Alexander's Campaign > Siege of Miletus

Siege of Miletus

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Background

Siege of Miletus

Part of the Persian Campaign

Siege of Halicarnassus - Capture of Miletus: Andre Castaigne (1889-99)

Capture of Miletus - Andre Castaigne (1889-99)

Date: 334 BC

Location: Miletus, Ionia

Coordinates: 37°31′49″N 27°16′42″E

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Combatants
Cyrus the Great, Achaemenid Empire StandardKingdom of Macedon Achaemenid Empire
Hellenic League Miletus
Commanders
Cyrus the Great, Achaemenid Empire StandardAlexander the Great Hegesistratus
Hepaestion
Nicanor
Military Forces
160 Ships 400 Ships
300 Milesians
Casualties
Light Heavy

Aftermath: Macedonian victory

Territorial Changes: Alexander gains Ionia

Next Battle: Siege of Halicarnassus

Previous Battle: Battle of the Granicus

The Siege of Miletus was one of the battles during the Persian Campaign of Alexander III the Great. It was one of his first early victories over the Achaemenid Empire and allowed the Macedonians to control over half of Ionia in Asia Minor (Anatolia). The city of Miletus was a city in the Greek kingdom of Caria and was previously a vassal state of the Achaemenid Empire.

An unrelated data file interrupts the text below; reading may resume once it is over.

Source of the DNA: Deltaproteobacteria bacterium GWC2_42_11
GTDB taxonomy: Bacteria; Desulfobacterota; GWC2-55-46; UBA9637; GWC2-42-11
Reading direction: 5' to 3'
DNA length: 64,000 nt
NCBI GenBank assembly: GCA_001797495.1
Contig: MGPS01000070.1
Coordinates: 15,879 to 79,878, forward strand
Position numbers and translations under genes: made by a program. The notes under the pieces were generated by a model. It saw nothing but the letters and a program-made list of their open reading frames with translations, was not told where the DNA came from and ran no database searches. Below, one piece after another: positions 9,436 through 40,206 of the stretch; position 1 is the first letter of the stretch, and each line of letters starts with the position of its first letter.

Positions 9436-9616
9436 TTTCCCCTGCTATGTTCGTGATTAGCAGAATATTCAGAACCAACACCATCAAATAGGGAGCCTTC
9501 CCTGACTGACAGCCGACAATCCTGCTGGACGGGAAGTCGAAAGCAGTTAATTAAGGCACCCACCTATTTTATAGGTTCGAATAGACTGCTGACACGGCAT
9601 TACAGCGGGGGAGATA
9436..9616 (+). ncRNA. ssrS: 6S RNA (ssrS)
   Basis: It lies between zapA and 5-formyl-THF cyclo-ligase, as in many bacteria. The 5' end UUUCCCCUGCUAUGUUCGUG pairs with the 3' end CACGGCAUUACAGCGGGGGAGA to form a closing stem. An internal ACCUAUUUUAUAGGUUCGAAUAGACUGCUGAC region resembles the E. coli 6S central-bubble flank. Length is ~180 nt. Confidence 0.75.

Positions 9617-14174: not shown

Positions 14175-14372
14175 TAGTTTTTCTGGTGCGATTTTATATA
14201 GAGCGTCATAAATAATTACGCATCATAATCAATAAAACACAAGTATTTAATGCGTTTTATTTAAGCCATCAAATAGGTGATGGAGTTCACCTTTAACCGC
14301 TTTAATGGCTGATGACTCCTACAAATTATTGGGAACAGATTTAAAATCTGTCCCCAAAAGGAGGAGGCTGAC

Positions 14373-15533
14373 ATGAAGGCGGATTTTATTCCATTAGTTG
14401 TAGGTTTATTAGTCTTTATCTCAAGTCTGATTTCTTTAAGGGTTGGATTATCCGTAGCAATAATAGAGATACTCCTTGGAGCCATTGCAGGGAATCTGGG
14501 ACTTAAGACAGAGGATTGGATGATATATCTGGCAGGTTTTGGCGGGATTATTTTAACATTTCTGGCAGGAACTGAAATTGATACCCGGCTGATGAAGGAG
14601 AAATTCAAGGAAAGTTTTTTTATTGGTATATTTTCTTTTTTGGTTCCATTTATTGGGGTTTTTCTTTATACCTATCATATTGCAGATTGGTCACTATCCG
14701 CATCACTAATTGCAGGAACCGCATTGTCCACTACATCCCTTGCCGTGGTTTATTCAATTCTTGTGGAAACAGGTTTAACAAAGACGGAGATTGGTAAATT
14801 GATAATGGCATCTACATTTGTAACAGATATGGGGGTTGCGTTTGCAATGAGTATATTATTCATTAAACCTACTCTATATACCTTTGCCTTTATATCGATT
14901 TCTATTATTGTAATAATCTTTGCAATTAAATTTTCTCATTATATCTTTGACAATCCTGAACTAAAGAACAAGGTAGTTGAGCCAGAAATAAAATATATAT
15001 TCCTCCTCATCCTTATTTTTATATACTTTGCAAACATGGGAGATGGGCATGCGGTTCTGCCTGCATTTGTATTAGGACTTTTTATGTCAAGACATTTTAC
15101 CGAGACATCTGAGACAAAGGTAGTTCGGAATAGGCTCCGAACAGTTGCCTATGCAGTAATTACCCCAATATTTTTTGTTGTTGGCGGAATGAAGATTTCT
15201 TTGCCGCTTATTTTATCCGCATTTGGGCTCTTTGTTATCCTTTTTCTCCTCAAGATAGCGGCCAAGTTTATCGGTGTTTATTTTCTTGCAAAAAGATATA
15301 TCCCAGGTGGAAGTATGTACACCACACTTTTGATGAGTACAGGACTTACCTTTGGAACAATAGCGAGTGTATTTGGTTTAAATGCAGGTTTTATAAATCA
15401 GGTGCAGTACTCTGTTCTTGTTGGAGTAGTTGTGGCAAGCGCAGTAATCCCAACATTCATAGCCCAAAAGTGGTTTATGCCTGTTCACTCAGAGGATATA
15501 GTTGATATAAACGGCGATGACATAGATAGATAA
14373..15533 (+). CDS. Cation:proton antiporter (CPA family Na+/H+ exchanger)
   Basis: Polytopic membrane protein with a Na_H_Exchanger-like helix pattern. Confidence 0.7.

Following the Battle of the Granicus, Alexanders forces had gained great momentum and began easily moving through Asia Minor. They would not have many problems along the way, however there were some hold outs of Persian forces and kingdoms still allied with the empire that Alexander would be forced to contend with. One of the major Persian vassal kingdoms was Caria which was known to have supported Persian many times in the past against Greece especially during the Greco-Persian Wars. One of the first targets after entering Asia was the city of Miletus.

The city was captured after a minor siege by the son of Parmenion named Nicanor in 334 BCE. The civilization of Caria was a minor naval power and allowed Alexander to begin acquiring the resources needed to take on the larger Persian Empire. Alexander would move on from here to the Siege of Halicarnassus which saw the capture of the capital of Caria known as Halicarnassus.

Alexander's Campaign

Balkan Campaign

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Persian Campaign

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Indian Campaign

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Sources

Primary Sources

Secondary Sources

Abbott, J. (1848). Alexander the Great. New York & London: Harper & Brothers